Tuesday, January 31, 2023

Chinese Rare-Earth Production Rose 25% In 2022 - US Geological Survey

Chinese Rare-Earth Production

China's rare earths mining production increased by 25 percent last year and its share of global output by double digits, according to data released on Tuesday by the US Geological Survey (USGS).

China has a virtual monopoly on most of the 17 rare earth elements (REEs) found on the periodic table - minerals used in a wide-range of advanced industrial and military applications. The Biden administration has invested or allocated billions in a bid to break its reliance on China for rare earth elements, along with other critical materials.

China's rare-earth production increased from 168,000 metric tons in 2021 to 210,000 in 2022 while its share of world output reached 70 percent, the USGS data revealed.

China also maintained its dominant position with respect to rare-earth reserves - those materials deemed economically recoverable - boasting 44 million tons, or 30 percent of the world total.

US output, meanwhile, rose 2 percent to 43,000 tons and mineral reserves increased by 28% to 2.3 million.

Although the US has one rare-earth mine, it must send 100% of the material produced to China for processing in order to make final components.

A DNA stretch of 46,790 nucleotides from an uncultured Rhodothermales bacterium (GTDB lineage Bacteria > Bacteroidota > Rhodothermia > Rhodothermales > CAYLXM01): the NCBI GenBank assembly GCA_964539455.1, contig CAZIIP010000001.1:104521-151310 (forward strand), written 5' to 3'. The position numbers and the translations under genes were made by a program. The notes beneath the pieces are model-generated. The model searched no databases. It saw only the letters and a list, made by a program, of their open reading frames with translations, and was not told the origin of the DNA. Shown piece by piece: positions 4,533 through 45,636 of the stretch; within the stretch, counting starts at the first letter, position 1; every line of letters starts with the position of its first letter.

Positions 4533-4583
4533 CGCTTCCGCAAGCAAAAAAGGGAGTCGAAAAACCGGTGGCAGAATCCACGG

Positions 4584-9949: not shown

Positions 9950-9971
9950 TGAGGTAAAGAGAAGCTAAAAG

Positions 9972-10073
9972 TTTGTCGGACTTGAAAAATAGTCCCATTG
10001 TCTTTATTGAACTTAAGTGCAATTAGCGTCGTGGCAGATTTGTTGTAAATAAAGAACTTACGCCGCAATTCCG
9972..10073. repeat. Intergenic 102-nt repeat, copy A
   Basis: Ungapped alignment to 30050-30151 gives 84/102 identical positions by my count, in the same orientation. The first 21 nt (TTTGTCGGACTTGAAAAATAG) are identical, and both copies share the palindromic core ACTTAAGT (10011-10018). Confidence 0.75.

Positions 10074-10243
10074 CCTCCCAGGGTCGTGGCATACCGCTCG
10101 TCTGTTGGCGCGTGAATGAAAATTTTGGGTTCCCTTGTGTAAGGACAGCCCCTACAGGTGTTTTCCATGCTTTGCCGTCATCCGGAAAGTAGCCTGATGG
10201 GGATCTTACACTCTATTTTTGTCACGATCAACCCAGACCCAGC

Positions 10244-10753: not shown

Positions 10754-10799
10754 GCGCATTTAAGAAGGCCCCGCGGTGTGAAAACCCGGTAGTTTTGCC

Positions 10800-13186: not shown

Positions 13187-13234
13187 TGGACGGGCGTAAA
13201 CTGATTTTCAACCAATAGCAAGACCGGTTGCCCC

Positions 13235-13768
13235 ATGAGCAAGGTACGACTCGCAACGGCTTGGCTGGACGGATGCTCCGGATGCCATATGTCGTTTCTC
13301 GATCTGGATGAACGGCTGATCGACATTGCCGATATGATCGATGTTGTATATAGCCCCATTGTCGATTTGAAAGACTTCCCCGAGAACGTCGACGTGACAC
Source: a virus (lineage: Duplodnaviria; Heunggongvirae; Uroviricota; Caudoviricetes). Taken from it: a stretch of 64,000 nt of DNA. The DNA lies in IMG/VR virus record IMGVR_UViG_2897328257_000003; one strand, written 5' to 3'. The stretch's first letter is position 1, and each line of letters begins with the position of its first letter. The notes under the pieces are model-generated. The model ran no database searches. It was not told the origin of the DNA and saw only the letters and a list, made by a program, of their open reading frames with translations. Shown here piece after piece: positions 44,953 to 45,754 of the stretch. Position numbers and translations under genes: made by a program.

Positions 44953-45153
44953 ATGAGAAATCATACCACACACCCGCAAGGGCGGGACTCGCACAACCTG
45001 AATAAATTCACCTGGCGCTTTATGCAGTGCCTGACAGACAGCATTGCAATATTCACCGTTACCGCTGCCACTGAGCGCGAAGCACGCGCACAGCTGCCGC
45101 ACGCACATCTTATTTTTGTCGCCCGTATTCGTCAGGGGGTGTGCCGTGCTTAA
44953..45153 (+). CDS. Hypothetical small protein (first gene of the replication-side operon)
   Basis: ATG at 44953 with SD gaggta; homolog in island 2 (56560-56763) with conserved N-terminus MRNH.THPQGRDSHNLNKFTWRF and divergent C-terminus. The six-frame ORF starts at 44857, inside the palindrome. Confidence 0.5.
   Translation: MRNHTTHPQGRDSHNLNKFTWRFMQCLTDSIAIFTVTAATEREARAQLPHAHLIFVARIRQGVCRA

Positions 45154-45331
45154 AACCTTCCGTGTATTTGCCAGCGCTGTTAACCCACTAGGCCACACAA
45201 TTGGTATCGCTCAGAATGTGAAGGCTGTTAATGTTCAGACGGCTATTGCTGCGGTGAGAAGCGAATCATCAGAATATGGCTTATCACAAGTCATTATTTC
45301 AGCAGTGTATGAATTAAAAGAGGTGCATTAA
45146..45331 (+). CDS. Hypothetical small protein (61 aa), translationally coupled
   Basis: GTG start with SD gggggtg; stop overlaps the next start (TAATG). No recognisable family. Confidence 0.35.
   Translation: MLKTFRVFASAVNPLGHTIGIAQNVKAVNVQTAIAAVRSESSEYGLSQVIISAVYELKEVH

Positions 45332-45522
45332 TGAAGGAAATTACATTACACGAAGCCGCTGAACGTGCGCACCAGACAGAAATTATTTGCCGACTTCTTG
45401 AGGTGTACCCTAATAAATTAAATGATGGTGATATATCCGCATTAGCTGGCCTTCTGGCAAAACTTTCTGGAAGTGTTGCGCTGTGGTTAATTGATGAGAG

A US State Department official in early December said the US is looking at funding about a dozen mineral projects overseas to mine resources used in low-carbon technologies. The official said the United States will need an "exponential" amount of rare earths.

In addition to the economic and supply chain impact, Washington is also worried about Chinese materials that can be found in thousands of US weapons systems.

In early 2022, the Pentagon halted delivery of F-35 jets upon discovery that a subcontractor used a Chinese-origin rare earth magnet on an engine part. In October, the Defense Department issued a waiver allowing Lockheed Martin to resume deliveries of the jets while setting about looking for alternative sources.

Marina Zhang, an associate professor of research at the Australia-China Relations Institute, University of Technology Sydney, told Sputnik the US will be hard-pressed to close this gap with China in light of structural advantages developed over the past 15 years, including lower mine permitting timelines, relatively lower labor and environmental costs, and talent and patent accumulations.

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